Next up, we’ll look at Large Company Backed EHR. Read all the posts in the EHR Company Funding Risks series.

EHR Company Funding Risks – Positive Cash Flow EHR Companies

Posted on May 25, 2012 I Written By

John Lynn is the Founder of the HealthcareScene.com blog network which currently consists of 10 blogs containing over 8000 articles with John having written over 4000 of the articles himself. These EMR and Healthcare IT related articles have been viewed over 16 million times. John also manages Healthcare IT Central and Healthcare IT Today, the leading career Health IT job board and blog. John is co-founder of InfluentialNetworks.com and Physia.com. John is highly involved in social media, and in addition to his blogs can also be found on Twitter: @techguy and @ehrandhit and LinkedIn.

This is the third post in my EHR Company Funding Risks series that was started in response to my original post about the The Current Health IT & EHR Bubble. In this series, we’re looking at the following EHR company categories: Seed Funded, Well Funded, Positive Cash Flow, Large EHR Company, and Large Company Backed EHR. Next up is Cash Flow Positive EHR companies.

Positive Cash Flow EHR Companies
This type of EHR company is usually a conservatively funded EHR company (often through non traditional funding mechanisms, or through a private buy out) that have grown large enough that their current user base provides enough cash flow to cover the EHR company’s ongoing expenses. The majority of these EHR companies have been around for a long time. In most cases they started out as EHR only companies (since everyone already had a PM system) and over time were able to grow a large EHR user base.

Instead of going after a large funding round, these EHR companies stayed small and chose to grow slow and steady over time. At this point, most of these companies have a large enough user base and enough cash flow that they’re in it for the long haul. While a sale could happen, most are content to continue growing the way they’ve done for a long time.

The users of these systems are usually happy with the software. Plus, they’ve often been using it so long that the idea of switching is something they wouldn’t even entertain. Even if the EHR software has some issues, the practices know the problems and have found ways to work around them. Plus, I’ve heard from many about the kinship they have with the EHR software that they’ve had for so long.

The real question for these EHR companies is how well they’ll be able to retain their existing EHR user base and/or how well can they acquire new EHR users. At some point if they aren’t maintaining or growing their EHR user base, they won’t have the cash flow needed to continually improve the EHR system with changing technology and clinical requirements. Plus, considering the fast pace of technology, time and their legacy software creation starts to catch up with them.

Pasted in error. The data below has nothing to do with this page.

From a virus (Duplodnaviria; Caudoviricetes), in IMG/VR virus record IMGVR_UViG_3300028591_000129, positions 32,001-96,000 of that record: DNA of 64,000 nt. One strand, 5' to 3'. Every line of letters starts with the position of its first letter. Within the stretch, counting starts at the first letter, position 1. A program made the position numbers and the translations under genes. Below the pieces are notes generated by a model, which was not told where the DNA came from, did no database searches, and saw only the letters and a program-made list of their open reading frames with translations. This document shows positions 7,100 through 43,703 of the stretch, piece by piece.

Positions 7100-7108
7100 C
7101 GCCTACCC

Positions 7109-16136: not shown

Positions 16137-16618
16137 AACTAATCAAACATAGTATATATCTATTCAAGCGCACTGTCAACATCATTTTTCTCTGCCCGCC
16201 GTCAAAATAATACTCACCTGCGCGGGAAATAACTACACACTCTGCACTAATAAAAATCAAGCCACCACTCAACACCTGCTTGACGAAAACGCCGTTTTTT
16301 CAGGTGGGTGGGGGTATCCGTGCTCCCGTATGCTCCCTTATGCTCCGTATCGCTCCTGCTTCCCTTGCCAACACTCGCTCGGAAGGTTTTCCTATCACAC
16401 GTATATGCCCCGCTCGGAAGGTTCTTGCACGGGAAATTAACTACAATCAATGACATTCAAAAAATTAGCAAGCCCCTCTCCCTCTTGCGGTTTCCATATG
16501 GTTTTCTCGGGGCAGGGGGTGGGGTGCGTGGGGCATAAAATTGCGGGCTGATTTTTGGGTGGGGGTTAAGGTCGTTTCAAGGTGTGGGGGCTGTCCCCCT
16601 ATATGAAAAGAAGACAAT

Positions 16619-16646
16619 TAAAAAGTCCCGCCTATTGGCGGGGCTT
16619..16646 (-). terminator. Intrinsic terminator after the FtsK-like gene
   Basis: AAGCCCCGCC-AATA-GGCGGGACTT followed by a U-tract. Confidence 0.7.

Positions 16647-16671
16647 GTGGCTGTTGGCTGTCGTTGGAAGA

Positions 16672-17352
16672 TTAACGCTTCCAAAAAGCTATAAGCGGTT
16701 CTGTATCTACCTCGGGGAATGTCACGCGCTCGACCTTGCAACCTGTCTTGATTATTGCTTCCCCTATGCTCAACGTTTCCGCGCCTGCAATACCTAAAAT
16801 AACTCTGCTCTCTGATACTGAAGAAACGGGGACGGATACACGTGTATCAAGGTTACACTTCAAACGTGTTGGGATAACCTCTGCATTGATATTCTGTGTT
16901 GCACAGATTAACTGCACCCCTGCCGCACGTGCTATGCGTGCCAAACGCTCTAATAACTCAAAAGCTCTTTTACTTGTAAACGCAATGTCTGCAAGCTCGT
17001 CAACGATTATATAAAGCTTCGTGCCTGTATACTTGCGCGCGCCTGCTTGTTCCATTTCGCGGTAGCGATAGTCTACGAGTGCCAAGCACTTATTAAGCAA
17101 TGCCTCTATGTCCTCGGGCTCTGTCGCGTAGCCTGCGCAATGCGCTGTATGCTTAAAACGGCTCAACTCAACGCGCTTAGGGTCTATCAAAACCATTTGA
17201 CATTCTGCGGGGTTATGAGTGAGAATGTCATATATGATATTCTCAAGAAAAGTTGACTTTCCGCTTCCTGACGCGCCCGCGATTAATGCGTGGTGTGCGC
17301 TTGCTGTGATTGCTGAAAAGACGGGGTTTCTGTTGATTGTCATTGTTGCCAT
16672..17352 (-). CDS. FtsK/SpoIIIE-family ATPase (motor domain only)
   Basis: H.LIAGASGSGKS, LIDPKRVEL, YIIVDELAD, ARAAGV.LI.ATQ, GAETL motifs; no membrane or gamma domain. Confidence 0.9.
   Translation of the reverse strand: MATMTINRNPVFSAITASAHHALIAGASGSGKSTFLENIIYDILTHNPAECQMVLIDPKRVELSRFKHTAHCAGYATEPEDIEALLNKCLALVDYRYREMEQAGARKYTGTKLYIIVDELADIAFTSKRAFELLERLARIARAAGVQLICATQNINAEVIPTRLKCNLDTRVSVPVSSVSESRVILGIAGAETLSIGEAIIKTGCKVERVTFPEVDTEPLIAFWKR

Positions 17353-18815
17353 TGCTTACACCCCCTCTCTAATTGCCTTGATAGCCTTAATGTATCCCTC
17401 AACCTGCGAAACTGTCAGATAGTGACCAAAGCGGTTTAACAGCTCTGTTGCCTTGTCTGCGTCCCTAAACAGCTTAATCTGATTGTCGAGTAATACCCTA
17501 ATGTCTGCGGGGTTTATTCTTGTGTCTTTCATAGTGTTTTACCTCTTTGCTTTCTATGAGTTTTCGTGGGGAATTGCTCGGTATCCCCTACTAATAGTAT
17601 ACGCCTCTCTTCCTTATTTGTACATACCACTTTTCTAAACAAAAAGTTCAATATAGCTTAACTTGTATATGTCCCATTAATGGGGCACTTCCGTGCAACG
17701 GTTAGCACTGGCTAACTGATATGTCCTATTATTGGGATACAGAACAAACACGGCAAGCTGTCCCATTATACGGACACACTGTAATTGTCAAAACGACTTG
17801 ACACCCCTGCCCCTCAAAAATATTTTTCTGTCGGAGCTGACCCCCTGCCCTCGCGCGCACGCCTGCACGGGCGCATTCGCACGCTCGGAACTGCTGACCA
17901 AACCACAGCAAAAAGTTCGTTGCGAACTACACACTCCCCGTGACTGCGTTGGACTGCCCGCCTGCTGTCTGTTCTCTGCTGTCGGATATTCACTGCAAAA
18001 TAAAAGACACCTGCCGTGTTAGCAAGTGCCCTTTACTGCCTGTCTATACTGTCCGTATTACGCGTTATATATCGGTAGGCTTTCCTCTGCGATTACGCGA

Many of the best specialty specific EHR companies have been able to reach this category. Some are still in the seed funded or well funded categories, but most of the specialty specific EHR companies I’ve seen have reached the cash flow positive category or are really close to getting there. Most of them realized that they had a very specific EHR market and so they had to grow it slow, steady and focus on revenues early.

Next up, we’ll look at Large EHR Companies. Read all the posts in the EHR Company Funding Risks series.

EHR Company Funding Risks – Well Funded EHR Companies

Posted on May 22, 2012 I Written By

John Lynn is the Founder of the HealthcareScene.com blog network which currently consists of 10 blogs containing over 8000 articles with John having written over 4000 of the articles himself. These EMR and Healthcare IT related articles have been viewed over 16 million times. John also manages Healthcare IT Central and Healthcare IT Today, the leading career Health IT job board and blog. John is co-founder of InfluentialNetworks.com and Physia.com. John is highly involved in social media, and in addition to his blogs can also be found on Twitter: @techguy and @ehrandhit and LinkedIn.

This is the second post in my EHR Company Funding Risks series that was started in response to my original post about the The Current Health IT & EHR Bubble. In this series, we’re looking at the following EHR company categories: Seed Funded, Well Funded, Positive Cash Flow, Large EHR Company, and Large Company Backed EHR. Next up is Well Funded EHR companies.

Well Funded EHR Companies
These EHR companies are those that have moved past the beta phase of their EHR and have usually gotten a large second round of funding that will allow them to work on scaling their EHR user base. This is where I see the largest number of what most would consider “startup” EHR companies. They usually have a few million in the bank and somewhere between 50-200 doctors on their platform.

With the money in the bank, most of these EHR companies have a number of years of runway to be able to see their EHR company play out. They still haven’t made it to what I call the EHR promise land of 1000+ doctors on their platform, but they have enough money to try and reach that goal over the next couple years.

The risk for a practice choosing one of these well funded EHR companies is what will the EHR vendor choose to do once they reach 1000+ doctors. Will they sell the company off to someone else (which almost never ends well for the practice)? Or do these EHR vendors have the staying power and desire to go after something much larger? The other risk is that the EHR company will only ever have a few hundred doctors. When you’re a well financed EHR company that doesn’t gain traction, this will usually end up in a fire sale of the EHR to some other company who wants to acquire the users you do have.